Abstract

Atmospheric methane has important indirect and direct contributions to climate. It has a radiative forcing of 0.5 W/m2 which is second only to carbon dioxide. It is also important in atmospheric chemistry by affecting the oxidizing capacity of the atmosphere. The main sources of methane to the atmosphere are known but the relative contributions of each source have large uncertainties. Atmospheric measurements are used to try to understand methane’s budget of emissions and losses. Approximately 2/3 of methane emissions are from anthropogenic sources (fossil fuel exploitation, ruminant animals, landfills, and rice agriculture) and about 1/3 are from natural sources (wetlands, termites, and natural geologic seeps). Its main loss is reactions with hydroxyl (OH) radicals in the troposphere. From 1983-1999 the rate of increase of atmospheric methane was decreasing and its atmospheric burden remained nearly constant from 1999 until 2006. In 2007, atmospheric methane began increasing again at a rate comparable to the late 1980s. Superimposed on top of the long term changes are shorter interannual variations in methane growth rate. Both the long and short term behavior reveal information about processes that emit it to or remove it from the atmosphere. In this presentation, we focus on the potential of tropical wetlands as a driver of the long term behavior of methane.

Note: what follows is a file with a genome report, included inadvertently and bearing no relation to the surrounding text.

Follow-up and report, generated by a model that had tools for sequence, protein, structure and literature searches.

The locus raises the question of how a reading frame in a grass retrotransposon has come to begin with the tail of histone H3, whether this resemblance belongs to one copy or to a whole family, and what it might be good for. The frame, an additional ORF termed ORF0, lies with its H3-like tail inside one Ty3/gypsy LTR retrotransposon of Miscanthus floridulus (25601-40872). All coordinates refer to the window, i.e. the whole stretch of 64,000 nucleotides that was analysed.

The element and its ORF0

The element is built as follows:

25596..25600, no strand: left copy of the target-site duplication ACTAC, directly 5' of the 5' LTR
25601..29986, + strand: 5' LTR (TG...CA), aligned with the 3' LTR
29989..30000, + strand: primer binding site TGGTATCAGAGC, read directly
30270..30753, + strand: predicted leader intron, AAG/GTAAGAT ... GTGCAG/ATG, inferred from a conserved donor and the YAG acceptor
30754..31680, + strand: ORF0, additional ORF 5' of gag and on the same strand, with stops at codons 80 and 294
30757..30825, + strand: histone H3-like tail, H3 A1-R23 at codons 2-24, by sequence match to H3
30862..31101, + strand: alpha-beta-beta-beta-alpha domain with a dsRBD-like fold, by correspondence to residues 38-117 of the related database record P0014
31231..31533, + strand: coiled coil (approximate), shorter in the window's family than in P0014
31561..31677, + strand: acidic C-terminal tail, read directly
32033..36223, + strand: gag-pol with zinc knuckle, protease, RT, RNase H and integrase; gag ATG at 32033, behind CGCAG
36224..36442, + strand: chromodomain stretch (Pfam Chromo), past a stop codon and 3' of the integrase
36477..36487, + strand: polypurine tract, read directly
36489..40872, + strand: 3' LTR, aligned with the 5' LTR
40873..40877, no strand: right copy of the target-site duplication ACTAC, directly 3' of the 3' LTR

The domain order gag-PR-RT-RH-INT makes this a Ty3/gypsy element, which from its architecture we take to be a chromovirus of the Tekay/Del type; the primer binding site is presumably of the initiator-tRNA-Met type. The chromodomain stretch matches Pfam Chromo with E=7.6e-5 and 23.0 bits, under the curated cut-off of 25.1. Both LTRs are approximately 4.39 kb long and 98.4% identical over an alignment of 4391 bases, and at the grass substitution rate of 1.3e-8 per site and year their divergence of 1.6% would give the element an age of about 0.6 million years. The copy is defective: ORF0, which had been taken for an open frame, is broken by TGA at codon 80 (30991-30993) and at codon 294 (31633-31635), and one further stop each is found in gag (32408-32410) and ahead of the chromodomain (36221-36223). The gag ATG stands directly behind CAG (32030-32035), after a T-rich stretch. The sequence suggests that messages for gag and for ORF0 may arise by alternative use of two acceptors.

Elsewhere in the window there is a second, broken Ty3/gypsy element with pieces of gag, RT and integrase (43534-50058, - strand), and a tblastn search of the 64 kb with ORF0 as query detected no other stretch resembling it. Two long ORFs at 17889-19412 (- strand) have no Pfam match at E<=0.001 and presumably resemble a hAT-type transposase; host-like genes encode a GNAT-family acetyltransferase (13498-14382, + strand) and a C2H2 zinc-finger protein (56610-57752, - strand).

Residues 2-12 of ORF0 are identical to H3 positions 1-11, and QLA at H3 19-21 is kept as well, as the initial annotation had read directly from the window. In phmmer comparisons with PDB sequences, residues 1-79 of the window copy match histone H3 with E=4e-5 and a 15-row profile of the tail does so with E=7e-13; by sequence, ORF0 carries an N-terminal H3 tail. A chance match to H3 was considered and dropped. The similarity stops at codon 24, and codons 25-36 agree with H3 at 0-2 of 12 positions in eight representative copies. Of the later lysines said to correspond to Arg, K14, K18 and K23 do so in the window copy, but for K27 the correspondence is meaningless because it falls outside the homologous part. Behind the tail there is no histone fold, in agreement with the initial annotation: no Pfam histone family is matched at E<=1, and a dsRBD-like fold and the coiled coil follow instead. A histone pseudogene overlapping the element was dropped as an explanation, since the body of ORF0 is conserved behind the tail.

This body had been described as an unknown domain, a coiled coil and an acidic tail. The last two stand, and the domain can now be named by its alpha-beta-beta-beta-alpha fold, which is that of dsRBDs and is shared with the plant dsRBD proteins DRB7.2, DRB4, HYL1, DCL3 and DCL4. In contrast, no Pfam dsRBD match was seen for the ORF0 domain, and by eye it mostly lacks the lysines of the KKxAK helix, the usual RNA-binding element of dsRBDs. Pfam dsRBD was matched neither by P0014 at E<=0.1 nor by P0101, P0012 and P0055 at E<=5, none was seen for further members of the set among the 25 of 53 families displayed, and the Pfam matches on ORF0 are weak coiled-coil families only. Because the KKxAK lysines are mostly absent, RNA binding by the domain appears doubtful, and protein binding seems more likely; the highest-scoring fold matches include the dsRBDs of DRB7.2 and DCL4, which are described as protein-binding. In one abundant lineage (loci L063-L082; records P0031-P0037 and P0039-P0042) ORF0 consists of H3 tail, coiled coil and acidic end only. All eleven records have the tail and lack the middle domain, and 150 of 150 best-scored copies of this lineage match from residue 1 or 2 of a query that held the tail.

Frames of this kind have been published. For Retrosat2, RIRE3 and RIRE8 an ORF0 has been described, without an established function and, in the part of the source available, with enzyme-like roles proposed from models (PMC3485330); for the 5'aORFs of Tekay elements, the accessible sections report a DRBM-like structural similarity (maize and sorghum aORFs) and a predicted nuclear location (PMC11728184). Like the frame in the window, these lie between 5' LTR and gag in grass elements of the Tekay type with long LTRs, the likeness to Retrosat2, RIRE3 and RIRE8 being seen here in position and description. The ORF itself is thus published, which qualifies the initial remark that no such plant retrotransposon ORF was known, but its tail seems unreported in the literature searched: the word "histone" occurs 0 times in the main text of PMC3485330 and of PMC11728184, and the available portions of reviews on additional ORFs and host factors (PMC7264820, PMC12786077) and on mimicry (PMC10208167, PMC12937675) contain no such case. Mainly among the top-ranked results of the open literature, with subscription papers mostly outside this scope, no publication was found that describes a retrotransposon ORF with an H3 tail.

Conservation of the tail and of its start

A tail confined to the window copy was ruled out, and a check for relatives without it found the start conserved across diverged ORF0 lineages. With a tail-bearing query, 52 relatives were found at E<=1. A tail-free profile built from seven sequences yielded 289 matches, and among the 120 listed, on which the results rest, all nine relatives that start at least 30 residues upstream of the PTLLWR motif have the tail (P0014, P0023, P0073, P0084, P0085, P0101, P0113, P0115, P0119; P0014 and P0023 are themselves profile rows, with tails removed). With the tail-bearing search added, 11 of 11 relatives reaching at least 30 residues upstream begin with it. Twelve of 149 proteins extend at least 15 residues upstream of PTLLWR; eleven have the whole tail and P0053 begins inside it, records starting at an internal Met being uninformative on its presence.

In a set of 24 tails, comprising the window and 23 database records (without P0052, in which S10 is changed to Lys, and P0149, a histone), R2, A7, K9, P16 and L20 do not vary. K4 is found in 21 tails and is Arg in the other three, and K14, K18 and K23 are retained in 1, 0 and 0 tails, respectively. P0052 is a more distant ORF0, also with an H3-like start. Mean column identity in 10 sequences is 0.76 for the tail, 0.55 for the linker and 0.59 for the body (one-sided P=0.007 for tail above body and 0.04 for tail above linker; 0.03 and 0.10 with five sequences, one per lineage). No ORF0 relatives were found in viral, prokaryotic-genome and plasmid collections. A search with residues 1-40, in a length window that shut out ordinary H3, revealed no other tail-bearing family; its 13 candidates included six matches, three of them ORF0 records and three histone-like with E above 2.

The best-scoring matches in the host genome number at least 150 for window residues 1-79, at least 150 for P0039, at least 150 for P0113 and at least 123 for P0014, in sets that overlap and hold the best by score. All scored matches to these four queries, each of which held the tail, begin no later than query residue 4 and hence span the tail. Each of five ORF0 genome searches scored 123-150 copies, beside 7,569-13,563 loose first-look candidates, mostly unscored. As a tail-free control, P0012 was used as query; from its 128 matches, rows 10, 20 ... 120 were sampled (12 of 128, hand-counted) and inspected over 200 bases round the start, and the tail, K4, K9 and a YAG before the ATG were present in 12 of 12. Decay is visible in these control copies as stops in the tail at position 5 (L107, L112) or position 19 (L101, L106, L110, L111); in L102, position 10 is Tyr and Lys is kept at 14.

Mentor

Ed Dlugokencky

Lab site

National Oceanic Atmospheric Administration Earth Systems Research Laboratory (NOAA ESRL)

Funding Acknowledgement

This material is based upon work supported by the National Science Foundation under Grant No. 1340110 and is made possible with contributions from the S.D. Bechtel Jr. Foundation, Howard Hughes Medical Institute, Chevron Corporation, National Marine Sanctuary Foundation, and from the host research center. Any opinions, findings, and conclusions or recommendations expressed in this material are solely those of the authors. The STAR Program is administered by the Cal Poly Center for Excellence in STEM Education on behalf of the California State University system.

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URL: http://digitalcommons.calpoly.edu/star/351

 

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